Apache Sqoop vs. HPE Ezmeral Data Fabric (MapR)

Overview
ProductRatingMost Used ByProduct SummaryStarting Price
Apache Sqoop
Score 8.8 out of 10
N/A
Apache Sqoop is a tool for use with Hadoop, used to transfer data between Apache Hadoop and other, structured data stores.N/A
HPE Ezmeral Data Fabric (MapR)
Score 9.4 out of 10
N/A
HPE Ezmeral Data Fabric (formerly MapR, acquired by HPE in 2019) is a software-defined datastore and file system that simplifies data management and analytics by unifying data across core, edge, and multicloud sources into a single platform. Just as a loom weaves multiple threads into a single piece of fabric, HPE Ezmeral Data Fabric weaves distributed data into a single enterprise-wide data layer that ingests, processes, and stores data once and then makes it available for reuse across multiple…N/A
Pricing
Apache SqoopHPE Ezmeral Data Fabric (MapR)
Editions & Modules
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Offerings
Pricing Offerings
Apache SqoopHPE Ezmeral Data Fabric (MapR)
Free Trial
NoNo
Free/Freemium Version
NoNo
Premium Consulting/Integration Services
NoNo
Entry-level Setup FeeNo setup feeNo setup fee
Additional Details
More Pricing Information
Community Pulse
Apache SqoopHPE Ezmeral Data Fabric (MapR)
Top Pros
Top Cons
Best Alternatives
Apache SqoopHPE Ezmeral Data Fabric (MapR)
Small Businesses

No answers on this topic

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Medium-sized Companies
Cloudera Manager
Cloudera Manager
Score 9.7 out of 10
Cloudera Manager
Cloudera Manager
Score 9.7 out of 10
Enterprises
IBM Analytics Engine
IBM Analytics Engine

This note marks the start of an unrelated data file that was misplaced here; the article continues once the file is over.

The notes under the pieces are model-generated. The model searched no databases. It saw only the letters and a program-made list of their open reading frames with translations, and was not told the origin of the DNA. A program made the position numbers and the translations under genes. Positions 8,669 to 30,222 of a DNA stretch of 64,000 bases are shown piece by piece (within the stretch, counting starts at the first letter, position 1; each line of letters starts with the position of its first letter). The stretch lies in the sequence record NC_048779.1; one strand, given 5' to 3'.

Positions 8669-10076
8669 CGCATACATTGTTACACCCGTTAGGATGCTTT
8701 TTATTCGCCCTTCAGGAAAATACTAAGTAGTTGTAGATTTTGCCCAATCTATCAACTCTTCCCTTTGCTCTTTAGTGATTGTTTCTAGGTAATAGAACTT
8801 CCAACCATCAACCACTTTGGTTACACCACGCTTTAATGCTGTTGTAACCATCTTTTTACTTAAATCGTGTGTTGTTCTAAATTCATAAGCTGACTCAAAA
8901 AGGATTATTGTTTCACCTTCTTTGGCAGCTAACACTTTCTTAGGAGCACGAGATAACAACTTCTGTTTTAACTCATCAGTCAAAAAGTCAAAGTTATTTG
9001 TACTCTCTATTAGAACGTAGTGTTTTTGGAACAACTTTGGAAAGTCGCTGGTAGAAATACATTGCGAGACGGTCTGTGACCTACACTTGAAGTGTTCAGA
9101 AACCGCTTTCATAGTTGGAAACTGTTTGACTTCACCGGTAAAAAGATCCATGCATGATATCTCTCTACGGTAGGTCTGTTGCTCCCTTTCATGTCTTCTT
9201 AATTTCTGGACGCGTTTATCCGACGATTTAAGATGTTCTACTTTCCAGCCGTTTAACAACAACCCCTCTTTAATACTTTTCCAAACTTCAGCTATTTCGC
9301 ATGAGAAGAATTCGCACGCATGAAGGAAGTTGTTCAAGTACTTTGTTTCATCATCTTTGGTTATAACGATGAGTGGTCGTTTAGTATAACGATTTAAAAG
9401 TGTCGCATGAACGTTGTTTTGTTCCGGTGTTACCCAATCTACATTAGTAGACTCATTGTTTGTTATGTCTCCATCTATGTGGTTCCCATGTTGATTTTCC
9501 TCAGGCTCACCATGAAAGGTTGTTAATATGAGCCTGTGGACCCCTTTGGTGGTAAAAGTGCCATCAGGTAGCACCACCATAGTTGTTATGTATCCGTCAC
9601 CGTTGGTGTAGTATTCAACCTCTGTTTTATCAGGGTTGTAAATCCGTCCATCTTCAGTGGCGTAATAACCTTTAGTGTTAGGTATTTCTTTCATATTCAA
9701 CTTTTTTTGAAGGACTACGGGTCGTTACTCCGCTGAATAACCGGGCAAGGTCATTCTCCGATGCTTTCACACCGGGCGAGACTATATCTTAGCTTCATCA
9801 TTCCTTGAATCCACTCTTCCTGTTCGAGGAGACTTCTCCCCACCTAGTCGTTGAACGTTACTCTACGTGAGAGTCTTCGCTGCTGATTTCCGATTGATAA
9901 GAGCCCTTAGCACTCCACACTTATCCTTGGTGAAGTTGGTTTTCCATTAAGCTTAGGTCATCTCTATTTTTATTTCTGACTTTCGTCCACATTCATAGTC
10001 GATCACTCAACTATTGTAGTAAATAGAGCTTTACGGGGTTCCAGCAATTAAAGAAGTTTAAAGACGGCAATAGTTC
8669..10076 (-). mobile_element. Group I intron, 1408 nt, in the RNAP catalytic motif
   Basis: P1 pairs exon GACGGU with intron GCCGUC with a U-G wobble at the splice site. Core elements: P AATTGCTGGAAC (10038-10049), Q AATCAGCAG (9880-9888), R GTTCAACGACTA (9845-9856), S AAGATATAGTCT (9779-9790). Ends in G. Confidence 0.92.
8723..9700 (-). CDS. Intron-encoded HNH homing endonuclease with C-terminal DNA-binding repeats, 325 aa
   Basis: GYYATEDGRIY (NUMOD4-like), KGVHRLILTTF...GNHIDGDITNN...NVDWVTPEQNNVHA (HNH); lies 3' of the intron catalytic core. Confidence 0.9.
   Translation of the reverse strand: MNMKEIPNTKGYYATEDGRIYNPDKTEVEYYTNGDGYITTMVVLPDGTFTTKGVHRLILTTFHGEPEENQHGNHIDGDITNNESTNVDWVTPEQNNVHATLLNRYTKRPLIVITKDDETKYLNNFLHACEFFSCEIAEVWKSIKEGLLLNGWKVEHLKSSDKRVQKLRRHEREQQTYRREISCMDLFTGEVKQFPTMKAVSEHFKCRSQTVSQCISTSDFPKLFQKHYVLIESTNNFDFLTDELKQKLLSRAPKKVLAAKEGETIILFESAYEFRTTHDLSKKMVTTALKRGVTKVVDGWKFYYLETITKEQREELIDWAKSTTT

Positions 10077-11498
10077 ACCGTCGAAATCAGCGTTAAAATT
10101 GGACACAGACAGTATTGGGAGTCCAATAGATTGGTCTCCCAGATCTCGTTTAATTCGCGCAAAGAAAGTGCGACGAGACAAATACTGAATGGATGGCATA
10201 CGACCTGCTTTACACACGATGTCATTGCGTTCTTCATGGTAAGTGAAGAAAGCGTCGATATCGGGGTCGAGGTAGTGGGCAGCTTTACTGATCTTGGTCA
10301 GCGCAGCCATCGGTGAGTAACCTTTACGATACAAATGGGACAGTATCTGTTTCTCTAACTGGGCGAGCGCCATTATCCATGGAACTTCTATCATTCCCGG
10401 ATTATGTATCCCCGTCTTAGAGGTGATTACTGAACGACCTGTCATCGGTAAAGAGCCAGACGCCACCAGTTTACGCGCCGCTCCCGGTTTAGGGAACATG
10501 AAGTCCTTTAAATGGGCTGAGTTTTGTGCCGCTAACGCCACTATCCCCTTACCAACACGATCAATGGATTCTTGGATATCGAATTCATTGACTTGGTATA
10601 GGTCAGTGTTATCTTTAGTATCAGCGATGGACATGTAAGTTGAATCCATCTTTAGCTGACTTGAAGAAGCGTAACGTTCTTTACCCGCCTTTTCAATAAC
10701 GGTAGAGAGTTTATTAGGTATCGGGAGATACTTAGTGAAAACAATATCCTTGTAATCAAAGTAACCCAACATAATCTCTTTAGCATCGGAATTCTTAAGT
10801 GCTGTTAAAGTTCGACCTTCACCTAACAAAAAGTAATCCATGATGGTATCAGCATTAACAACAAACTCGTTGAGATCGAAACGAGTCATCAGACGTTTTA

Score 8.8 out of 10
IBM Analytics Engine
IBM Analytics Engine
Score 8.8 out of 10
All AlternativesView all alternativesView all alternatives
User Ratings
Apache SqoopHPE Ezmeral Data Fabric (MapR)
Likelihood to Recommend
9.0
(1 ratings)
7.2
(4 ratings)
User Testimonials
Apache SqoopHPE Ezmeral Data Fabric (MapR)
Likelihood to Recommend
Apache
Sqoop is great for sending data between a JDBC compliant database and a Hadoop environment. Sqoop is built for those who need a few simple CLI options to import a selection of database tables into Hadoop, do large dataset analysis that could not commonly be done with that database system due to resource constraints, then export the results back into that database (or another). Sqoop falls short when there needs to be some extra, customized processing between database extract, and Hadoop loading, in which case Apache Spark's JDBC utilities might be preferred
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Hewlett Packard Enterprise
MapR is more well-suited for people who know what they are doing. I consider MapR the Hadoop distribution professionals use.
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Pros
Apache
  • Provides generalized JDBC extensions to migrate data between most database systems
  • Generates Java classes upon reading database records for use in other code utilizing Hadoop's client libraries
  • Allows for both import and export features
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Hewlett Packard Enterprise
  • MapR had very fast I/O throughput. The write speed was several times faster than what we could achieve with the other Hadoop vendors (Cloudera and Hortonworks). This is because MapR does not use HDFS, which is essentially a "meta filesystem". HDFS is built on top of the filesystem provided by the OS. MapR has their filesystem called MapR-FS, which is a true filesystem and accesses the raw disk drives.